The W3C needs to make sure that the the world's text layout and typographic needs of scripts and languages are built in to technologies such as HTML, CSS, SVG, etc. so that Web pages and eBooks can look and behave as people expect around the world.
To that end we have experts in various parts of the world explaining requirements, and also documenting gaps between what is needed and what is currently supported in browsers and ebook readers.
To make the work more effective we developed a framework for documents and procedures that can be applied to all the languages we are investigating. For an overview of this framework, see Analysing support for text layout on the Web.
To support local relevance of Web pages and eBook formats we need more local experts to participate in gathering information in these task forces, to review the task force outputs, and to lobby or support via coding the implementation of features in browsers and ereaders. If you are one of these people, or know some, please get in touch! For more information about how to get involved, see Get involved with Language Enablement.
These resources help you find information that we have gathered so far related to requirements and gaps for specific languages and writing systems. The headings link to the resource being described.
- Language Matrix
The Language Matrix is a heat-map that shows where people around the world have problems when using their native language and writing system. Links from the matrix lead to more detailed gap analysis information for that language.
The set of languages listed in the matrix was initially based on speaker populations or features of special interest. We are interested in expanding the list wherever we have experts who are willing to contribute the necessary information.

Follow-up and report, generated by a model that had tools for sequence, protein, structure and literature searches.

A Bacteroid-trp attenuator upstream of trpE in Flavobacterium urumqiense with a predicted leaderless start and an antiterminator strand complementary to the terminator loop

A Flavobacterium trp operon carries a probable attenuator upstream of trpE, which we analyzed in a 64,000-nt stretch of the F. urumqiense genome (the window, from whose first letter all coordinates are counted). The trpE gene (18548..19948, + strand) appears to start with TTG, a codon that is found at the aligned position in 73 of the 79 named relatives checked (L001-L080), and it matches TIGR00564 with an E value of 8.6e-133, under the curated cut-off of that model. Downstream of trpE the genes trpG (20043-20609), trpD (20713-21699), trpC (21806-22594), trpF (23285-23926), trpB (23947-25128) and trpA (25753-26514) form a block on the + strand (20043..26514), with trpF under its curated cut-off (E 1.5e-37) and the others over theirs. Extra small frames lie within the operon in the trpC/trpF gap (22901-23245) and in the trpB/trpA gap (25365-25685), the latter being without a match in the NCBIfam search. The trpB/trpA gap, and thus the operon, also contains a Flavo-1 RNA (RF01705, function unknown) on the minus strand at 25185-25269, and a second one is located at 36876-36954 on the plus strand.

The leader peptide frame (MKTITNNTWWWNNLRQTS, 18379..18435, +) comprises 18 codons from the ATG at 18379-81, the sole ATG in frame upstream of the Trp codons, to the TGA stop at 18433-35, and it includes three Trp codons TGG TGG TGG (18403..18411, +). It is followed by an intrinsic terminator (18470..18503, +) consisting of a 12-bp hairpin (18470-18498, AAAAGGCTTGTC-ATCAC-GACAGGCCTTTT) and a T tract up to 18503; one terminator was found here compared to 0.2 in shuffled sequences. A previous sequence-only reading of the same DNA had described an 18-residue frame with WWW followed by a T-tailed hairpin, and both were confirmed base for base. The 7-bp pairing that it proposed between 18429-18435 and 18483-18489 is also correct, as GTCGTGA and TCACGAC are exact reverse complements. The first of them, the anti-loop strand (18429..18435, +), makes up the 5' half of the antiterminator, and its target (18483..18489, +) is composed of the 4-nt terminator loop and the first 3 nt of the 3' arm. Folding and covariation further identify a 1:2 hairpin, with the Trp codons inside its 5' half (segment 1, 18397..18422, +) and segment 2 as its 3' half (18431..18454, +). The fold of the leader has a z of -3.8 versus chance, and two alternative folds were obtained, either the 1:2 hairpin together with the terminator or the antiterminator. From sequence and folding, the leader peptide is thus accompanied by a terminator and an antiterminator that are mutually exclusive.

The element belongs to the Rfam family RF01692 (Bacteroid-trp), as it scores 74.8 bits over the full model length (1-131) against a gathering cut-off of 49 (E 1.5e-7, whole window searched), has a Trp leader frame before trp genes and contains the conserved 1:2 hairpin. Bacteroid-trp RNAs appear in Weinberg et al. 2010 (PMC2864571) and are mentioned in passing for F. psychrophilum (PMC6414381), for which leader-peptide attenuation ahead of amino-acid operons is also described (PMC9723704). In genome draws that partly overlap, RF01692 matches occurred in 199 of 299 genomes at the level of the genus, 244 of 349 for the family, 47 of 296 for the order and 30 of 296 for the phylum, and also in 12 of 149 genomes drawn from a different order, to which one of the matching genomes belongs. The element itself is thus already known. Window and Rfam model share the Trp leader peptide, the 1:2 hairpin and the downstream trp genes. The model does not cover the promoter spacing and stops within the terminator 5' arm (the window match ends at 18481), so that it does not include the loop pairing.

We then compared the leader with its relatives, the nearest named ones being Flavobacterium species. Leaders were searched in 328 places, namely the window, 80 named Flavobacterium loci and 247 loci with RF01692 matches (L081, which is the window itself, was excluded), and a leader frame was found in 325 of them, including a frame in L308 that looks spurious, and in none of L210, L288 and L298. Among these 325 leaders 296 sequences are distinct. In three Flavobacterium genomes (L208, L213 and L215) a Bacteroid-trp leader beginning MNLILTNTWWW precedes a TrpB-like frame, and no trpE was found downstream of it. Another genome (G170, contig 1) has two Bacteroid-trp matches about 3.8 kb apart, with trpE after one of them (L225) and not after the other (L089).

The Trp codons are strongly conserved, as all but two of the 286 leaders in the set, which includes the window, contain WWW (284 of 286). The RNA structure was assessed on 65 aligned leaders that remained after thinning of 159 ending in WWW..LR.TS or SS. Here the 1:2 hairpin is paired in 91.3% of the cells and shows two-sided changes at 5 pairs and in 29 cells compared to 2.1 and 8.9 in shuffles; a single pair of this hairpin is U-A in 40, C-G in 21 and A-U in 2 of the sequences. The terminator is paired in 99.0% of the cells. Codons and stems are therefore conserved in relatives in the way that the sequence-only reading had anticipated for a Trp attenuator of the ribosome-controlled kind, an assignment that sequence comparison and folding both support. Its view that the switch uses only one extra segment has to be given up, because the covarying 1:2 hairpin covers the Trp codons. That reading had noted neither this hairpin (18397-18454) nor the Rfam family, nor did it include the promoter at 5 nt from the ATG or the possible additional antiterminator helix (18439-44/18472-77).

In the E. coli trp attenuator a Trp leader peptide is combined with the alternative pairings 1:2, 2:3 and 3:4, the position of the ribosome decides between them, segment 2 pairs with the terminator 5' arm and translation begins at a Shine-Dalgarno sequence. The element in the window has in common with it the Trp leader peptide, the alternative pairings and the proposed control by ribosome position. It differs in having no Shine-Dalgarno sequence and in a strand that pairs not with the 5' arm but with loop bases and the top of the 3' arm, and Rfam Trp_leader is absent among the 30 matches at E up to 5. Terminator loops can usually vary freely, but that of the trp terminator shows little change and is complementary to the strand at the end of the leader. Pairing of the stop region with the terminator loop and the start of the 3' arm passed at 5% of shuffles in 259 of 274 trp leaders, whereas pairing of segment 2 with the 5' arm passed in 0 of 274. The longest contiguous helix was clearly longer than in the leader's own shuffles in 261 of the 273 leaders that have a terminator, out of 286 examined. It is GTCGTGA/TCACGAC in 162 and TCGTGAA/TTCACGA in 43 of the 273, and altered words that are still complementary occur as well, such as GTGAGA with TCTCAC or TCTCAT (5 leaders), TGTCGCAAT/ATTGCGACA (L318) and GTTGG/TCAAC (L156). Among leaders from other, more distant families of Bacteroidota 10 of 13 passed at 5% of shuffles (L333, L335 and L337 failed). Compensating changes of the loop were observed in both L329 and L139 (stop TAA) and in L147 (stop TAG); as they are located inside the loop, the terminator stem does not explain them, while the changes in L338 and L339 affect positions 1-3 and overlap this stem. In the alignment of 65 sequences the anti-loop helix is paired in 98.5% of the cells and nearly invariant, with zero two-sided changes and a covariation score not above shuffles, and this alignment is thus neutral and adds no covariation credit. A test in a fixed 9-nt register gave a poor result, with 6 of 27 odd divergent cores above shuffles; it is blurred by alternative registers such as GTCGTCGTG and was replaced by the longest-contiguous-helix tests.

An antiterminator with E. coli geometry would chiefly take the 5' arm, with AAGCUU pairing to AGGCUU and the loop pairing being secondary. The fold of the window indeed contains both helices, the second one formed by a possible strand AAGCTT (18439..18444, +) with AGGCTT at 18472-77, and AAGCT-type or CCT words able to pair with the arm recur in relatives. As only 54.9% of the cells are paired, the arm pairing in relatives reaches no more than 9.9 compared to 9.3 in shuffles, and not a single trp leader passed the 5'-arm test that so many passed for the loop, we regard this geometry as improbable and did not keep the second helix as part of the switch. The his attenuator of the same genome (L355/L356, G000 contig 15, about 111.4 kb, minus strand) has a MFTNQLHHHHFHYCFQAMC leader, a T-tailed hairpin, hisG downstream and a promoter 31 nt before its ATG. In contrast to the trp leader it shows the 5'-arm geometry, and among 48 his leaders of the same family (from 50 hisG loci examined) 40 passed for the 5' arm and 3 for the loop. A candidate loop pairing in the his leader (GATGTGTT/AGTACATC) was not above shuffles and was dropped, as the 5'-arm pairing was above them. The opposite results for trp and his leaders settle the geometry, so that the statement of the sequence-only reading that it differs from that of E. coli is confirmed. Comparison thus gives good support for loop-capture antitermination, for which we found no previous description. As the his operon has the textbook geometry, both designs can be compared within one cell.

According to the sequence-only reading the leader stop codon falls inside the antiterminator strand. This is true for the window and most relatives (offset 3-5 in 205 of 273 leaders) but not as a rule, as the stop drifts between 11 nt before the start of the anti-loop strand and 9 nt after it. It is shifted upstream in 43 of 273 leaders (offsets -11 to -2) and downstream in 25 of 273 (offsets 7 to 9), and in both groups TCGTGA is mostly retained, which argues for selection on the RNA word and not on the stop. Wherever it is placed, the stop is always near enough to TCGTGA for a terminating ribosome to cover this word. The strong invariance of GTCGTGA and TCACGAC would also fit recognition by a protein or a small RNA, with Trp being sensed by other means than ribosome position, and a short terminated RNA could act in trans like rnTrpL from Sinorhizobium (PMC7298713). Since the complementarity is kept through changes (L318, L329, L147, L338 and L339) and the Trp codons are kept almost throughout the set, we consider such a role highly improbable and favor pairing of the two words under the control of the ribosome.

- Language Enablement Index
The Language Enablement Index points browser implementers and specification developers to information about how to support typographic features of scripts or writing systems from around the world, and also points to relevant information in specifications, to tests, and to useful articles and papers. It is not exhaustive, and will be added to constantly. In addition, it points to other articles and documents that can help understand how typography and layout works in non-Latin scripts.
- Gap-analysis pipeline
The Gap-analysis pipeline is a dashboard used to identify critical missing pieces of the internationalized Web and track support for filling those gaps. A card is added for each gap raised during the language enablement work. The columns in the pipeline indicate next steps, and cards are labelled so that they can be filtered in various ways.
- Type samples
- Layout issue tracker
While specifications are being developed, questions arise about whether a feature works well for all languages, or whether perhaps additional requirements need to be taken into account.
The Language enablement issue tracker points you to questions for which we are still trying to find answers. It also points you to discussions currently under way that affect support for a particular language or group of languages, and what browser bug submissions we are tracking.
The data can be filtered to show results for a specific language or group of languages.